- 8.And finally,to the Head of State, it is incumbent upon you as the Fountain of Honor to reassure the citizens of Uganda and the whole world that Uganda Government respects its Constitution as well as the fundamental human rights and freedoms of all its citizens. According to Articles 24 and 44 of the Constitution “…No person shall be subjected to any form of torture or cruel, inhuman, degrading treatment or punishment...” The Prevention and Prohibition of Torture Act, 2012, gives effect to Articles 24 and 44(a) of the Constitution; to the respect of human dignity and protection from inhuman treatment by prohibiting and preventing any form of torture or cruel, inhuman or degrading treatment or punishment. So far the Head of State has remarkably failed in this duty as Fountain of Honor by justifying the heinous crimes committed by the security forces.
- 9.We recall that when the Late Hon. Nebanda died, you reassured Ugandans that Government does not kill itsopponents. On the contrary, the killings in Arua, Bugiri, Mityana among others present a contrary picture to the world. As Commander in Chief, you must be more accountable and ensure that the security forces do not blatantly commit crimes without accountability. The victims and their families deserve an apology from Government, for the pain and trauma that the actions of security organs have caused to them.
- 10.We also invite all political leaders, including the President to embrace the efforts by peace loving Ugandans led by the Inter Religious Council of Uganda, the Elders Forum and several Civil Society Organizations to convene the National Dialogue for Uganda. We believe that in thisnational Dialogue process, there will be anopportunity for us as a people to discuss our past and current differences and arrive at a national consensus on how to manage our future challenges and how to treat each other as citizens of one country. Our diversity should be celebrated.Our diversity and differences should never lead to our demise.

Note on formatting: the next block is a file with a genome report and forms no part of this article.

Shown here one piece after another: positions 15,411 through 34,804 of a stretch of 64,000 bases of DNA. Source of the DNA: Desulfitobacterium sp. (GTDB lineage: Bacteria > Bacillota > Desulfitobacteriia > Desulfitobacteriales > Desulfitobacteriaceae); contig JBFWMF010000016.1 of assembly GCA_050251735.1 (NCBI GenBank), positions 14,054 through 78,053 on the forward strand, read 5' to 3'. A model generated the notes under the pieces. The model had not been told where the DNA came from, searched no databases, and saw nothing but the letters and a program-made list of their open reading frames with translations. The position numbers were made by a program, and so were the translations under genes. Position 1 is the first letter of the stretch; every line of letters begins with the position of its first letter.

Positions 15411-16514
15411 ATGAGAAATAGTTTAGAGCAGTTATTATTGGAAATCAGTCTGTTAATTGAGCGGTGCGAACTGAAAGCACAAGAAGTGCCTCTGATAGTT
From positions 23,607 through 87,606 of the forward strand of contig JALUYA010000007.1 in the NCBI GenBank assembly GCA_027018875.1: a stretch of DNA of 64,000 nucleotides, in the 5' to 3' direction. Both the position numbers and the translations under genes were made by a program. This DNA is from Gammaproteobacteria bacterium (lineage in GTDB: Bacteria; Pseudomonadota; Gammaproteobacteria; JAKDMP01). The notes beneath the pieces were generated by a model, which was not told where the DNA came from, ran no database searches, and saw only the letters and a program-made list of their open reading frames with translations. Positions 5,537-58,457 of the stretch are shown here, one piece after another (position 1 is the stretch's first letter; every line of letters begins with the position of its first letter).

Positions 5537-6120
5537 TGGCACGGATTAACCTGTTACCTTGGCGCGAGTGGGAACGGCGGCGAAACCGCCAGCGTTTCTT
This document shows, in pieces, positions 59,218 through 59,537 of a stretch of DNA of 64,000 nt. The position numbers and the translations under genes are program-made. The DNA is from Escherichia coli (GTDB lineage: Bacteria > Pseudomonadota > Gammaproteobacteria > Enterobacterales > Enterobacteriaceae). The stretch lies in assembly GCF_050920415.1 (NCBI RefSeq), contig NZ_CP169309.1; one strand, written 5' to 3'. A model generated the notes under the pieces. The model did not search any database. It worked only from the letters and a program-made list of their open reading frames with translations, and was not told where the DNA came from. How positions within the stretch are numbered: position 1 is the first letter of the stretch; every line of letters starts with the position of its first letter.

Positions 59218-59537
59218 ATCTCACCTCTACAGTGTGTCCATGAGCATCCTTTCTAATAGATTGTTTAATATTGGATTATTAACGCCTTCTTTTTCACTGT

- 11.As Civil Society, we shall continue to denounce all acts of violence by the state or directed towards it. More importantly, we are now called, more than ever before to offer the space for ordinary citizens to organize and work towards realizing a peaceful country, one in which we see equal opportunity and shared prosperity. We will remain in active thought about additional non-violent actions we can take together will all peace loving Ugandans to contribute to the above.
FOR GOD AND MY COUNTRY